Leading German charter airline LTU International Airways is embarking on an extensive restructuring programme, including plans to drop selected long-haul routes and to stop operating McDonnell Douglas MD-11 tri-jets.

The restructuring plan aims to combat a sharp drop in profits, which LTU suffered in the financial year 1995/6. The carrier plans to cut capacities by 11%, rationalise the fleet and concentrate on lucrative Mediterranean destinations at the expense of competitive routes such as those to Acapulco in Mexico, Los Angeles and San Francisco. The airline will also drop its internal German network, which will result in an annual saving of DM30 million ($17 million).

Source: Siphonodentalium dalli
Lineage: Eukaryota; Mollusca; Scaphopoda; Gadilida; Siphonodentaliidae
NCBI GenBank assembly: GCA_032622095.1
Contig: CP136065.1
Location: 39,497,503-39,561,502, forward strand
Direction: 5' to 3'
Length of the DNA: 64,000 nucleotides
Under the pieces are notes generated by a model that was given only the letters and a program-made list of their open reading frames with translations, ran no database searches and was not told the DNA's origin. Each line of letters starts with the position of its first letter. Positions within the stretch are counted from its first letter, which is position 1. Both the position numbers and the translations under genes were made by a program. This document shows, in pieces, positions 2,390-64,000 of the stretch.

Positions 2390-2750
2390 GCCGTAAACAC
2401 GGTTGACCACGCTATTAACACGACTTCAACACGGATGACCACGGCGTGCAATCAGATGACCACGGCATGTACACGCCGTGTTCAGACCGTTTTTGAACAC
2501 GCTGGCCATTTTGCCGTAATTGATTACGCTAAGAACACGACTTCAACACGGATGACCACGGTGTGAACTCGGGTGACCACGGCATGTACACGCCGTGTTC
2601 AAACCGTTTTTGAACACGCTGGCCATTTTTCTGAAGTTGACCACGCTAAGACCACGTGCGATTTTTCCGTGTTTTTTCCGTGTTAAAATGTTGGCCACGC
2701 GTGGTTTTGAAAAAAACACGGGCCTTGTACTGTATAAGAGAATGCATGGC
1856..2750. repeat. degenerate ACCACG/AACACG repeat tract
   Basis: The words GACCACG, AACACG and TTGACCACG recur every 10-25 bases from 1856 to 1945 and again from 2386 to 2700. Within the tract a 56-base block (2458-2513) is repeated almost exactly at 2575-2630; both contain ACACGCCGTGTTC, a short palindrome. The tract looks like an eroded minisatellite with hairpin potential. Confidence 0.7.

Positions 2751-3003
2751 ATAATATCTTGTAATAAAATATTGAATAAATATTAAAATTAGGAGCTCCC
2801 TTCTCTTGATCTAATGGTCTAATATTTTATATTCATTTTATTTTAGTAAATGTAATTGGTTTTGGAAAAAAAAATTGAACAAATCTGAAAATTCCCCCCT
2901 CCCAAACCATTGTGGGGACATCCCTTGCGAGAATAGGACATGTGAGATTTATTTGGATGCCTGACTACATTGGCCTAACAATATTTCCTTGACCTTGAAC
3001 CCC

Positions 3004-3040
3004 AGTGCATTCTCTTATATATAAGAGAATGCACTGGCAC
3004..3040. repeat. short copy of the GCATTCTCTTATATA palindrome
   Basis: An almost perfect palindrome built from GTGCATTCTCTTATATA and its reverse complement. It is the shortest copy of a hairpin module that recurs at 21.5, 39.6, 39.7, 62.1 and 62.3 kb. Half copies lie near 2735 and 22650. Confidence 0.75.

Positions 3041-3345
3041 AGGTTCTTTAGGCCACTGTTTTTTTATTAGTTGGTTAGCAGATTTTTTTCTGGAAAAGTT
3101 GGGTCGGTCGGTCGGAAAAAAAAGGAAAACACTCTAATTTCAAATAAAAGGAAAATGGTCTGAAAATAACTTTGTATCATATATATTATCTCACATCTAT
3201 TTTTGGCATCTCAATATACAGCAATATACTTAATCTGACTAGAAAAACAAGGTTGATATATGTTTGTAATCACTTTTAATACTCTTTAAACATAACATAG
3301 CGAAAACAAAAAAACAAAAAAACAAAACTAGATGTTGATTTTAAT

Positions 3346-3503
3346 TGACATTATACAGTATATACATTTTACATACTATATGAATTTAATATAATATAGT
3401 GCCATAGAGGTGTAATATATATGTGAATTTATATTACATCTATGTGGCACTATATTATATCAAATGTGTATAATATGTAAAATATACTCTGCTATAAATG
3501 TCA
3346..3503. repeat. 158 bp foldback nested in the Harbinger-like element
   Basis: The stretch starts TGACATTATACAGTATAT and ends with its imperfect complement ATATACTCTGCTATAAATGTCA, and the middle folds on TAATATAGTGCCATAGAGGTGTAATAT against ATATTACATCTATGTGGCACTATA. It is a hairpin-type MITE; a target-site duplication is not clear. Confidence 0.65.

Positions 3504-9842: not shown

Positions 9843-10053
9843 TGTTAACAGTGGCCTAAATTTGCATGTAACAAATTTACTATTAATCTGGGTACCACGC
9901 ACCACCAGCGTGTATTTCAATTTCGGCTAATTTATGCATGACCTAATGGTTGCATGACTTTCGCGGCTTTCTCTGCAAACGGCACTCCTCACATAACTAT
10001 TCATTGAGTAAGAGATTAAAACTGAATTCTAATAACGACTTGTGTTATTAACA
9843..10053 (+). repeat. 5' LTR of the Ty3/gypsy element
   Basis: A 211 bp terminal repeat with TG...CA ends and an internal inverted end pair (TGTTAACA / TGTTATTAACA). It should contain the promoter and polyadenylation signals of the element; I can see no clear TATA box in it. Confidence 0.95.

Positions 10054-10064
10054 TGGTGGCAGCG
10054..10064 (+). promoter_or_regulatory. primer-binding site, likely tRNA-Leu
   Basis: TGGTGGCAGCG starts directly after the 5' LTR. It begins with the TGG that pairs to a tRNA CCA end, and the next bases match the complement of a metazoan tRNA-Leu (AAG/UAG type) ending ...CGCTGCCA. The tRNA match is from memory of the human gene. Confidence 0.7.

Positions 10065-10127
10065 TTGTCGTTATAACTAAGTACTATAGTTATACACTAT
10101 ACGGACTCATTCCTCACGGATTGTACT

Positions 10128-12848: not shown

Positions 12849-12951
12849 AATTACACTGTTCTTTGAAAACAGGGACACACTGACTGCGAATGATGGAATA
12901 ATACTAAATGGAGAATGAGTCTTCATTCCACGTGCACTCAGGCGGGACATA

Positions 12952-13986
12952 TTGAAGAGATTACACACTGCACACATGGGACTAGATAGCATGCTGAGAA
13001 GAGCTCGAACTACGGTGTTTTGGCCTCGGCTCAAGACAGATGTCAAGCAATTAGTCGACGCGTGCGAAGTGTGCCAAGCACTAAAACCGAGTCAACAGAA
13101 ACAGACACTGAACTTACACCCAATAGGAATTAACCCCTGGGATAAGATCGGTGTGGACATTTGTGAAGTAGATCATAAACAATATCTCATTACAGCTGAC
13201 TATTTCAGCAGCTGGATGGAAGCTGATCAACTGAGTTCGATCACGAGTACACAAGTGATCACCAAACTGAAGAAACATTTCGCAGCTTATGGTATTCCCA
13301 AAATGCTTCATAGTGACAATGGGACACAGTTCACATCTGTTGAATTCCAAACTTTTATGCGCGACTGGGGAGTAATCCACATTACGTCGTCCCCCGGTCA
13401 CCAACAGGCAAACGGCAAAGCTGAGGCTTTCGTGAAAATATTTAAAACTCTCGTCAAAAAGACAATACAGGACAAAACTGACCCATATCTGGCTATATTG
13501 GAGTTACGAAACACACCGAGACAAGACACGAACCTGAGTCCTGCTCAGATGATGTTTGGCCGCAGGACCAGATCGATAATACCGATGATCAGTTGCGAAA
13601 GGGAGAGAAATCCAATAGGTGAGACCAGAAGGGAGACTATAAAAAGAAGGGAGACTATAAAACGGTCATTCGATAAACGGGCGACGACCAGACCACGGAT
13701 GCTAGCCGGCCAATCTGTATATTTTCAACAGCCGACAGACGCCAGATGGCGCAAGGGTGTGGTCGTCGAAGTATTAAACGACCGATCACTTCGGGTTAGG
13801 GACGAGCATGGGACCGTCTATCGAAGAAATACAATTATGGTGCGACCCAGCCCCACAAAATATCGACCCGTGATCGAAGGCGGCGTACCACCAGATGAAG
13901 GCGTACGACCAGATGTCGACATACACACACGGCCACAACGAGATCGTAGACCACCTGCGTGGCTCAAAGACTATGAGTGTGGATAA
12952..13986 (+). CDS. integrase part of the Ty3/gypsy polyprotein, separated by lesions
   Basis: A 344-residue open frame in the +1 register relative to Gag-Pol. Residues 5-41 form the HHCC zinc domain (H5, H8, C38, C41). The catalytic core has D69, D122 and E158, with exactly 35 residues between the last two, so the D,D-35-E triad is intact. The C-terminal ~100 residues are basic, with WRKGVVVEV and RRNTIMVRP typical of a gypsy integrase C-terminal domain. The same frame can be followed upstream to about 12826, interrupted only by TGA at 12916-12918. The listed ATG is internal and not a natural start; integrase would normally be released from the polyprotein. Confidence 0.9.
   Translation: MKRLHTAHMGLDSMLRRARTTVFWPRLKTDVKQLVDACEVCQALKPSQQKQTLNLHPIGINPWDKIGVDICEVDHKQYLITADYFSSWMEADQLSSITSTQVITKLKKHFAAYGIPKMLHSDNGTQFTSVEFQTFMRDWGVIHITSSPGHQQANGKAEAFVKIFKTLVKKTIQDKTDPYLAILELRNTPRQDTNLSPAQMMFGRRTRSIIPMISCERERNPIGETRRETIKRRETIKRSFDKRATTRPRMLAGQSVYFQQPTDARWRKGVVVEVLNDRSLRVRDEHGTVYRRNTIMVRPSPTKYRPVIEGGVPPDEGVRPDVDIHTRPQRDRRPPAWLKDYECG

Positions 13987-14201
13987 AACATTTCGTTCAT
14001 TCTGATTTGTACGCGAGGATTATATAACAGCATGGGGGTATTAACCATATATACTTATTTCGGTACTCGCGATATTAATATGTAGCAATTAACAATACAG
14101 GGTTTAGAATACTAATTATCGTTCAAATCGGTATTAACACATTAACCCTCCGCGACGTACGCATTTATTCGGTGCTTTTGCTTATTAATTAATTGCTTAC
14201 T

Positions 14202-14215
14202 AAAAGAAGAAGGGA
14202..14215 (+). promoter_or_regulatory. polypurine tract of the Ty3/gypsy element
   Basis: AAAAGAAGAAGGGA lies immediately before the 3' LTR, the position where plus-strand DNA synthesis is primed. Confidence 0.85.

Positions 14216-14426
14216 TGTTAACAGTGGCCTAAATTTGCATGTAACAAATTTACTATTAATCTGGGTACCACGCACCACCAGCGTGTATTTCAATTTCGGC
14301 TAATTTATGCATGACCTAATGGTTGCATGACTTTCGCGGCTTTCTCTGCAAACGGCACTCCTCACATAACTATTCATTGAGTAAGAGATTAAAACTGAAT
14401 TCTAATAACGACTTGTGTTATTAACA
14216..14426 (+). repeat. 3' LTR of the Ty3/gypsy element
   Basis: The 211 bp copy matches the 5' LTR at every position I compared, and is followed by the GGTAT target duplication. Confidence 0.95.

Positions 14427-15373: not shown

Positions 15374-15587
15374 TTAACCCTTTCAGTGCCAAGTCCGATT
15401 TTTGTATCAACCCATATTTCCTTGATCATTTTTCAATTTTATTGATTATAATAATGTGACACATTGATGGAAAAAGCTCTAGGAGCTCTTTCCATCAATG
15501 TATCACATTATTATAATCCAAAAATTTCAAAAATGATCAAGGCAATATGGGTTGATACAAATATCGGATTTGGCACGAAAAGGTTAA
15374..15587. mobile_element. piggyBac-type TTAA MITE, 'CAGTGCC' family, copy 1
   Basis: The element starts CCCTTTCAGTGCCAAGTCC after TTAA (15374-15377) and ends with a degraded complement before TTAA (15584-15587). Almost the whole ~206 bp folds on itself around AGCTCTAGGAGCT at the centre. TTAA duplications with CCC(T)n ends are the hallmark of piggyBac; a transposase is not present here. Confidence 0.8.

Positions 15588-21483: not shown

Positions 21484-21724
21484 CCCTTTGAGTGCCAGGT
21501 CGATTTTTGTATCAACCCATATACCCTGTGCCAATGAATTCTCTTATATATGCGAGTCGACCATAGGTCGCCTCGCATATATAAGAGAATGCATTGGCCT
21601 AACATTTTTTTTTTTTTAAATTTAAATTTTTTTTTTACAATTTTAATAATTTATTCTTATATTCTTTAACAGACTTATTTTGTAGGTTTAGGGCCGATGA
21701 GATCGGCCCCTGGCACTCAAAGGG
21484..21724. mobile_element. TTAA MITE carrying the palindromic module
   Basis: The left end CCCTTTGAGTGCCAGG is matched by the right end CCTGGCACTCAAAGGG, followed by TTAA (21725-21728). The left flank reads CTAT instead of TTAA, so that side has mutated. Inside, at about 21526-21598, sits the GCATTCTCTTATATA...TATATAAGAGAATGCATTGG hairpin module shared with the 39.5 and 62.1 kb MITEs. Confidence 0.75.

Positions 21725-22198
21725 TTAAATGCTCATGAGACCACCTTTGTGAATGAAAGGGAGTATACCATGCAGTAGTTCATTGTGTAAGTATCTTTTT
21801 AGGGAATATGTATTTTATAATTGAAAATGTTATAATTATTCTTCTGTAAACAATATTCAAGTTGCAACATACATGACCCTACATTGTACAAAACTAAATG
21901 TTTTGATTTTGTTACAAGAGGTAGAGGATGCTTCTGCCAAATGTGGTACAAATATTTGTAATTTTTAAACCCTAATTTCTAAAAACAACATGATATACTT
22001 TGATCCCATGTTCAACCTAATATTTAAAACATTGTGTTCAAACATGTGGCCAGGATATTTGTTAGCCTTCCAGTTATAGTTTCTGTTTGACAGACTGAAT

The airline's four 408-seat MD-11s will be phased out during 1998, and will be replaced by two additional Boeing 757s and one 767-300ER, which may be bought or leased. By the third quarter of 1998, the restructuring will leave LTU with six Airbus A330s (387 seaters), as well as 15 Boeing 757s and six 767s.

The airline plans to increase the number of direct long-haul flights, primarily during its winter season when demand on the Mediterranean routes drops. The restructuring comes on top of existing plans to merge LTU and Munich-based LTU Sud by the end of the year.

Passenger traffic in 1995/6 increased by 3.6%, compared with the previous business year, to 6.9 million, but pre-tax profit still fell by 13.7% to DM126 million, due to the increase in fuel costs.

Source: Flight International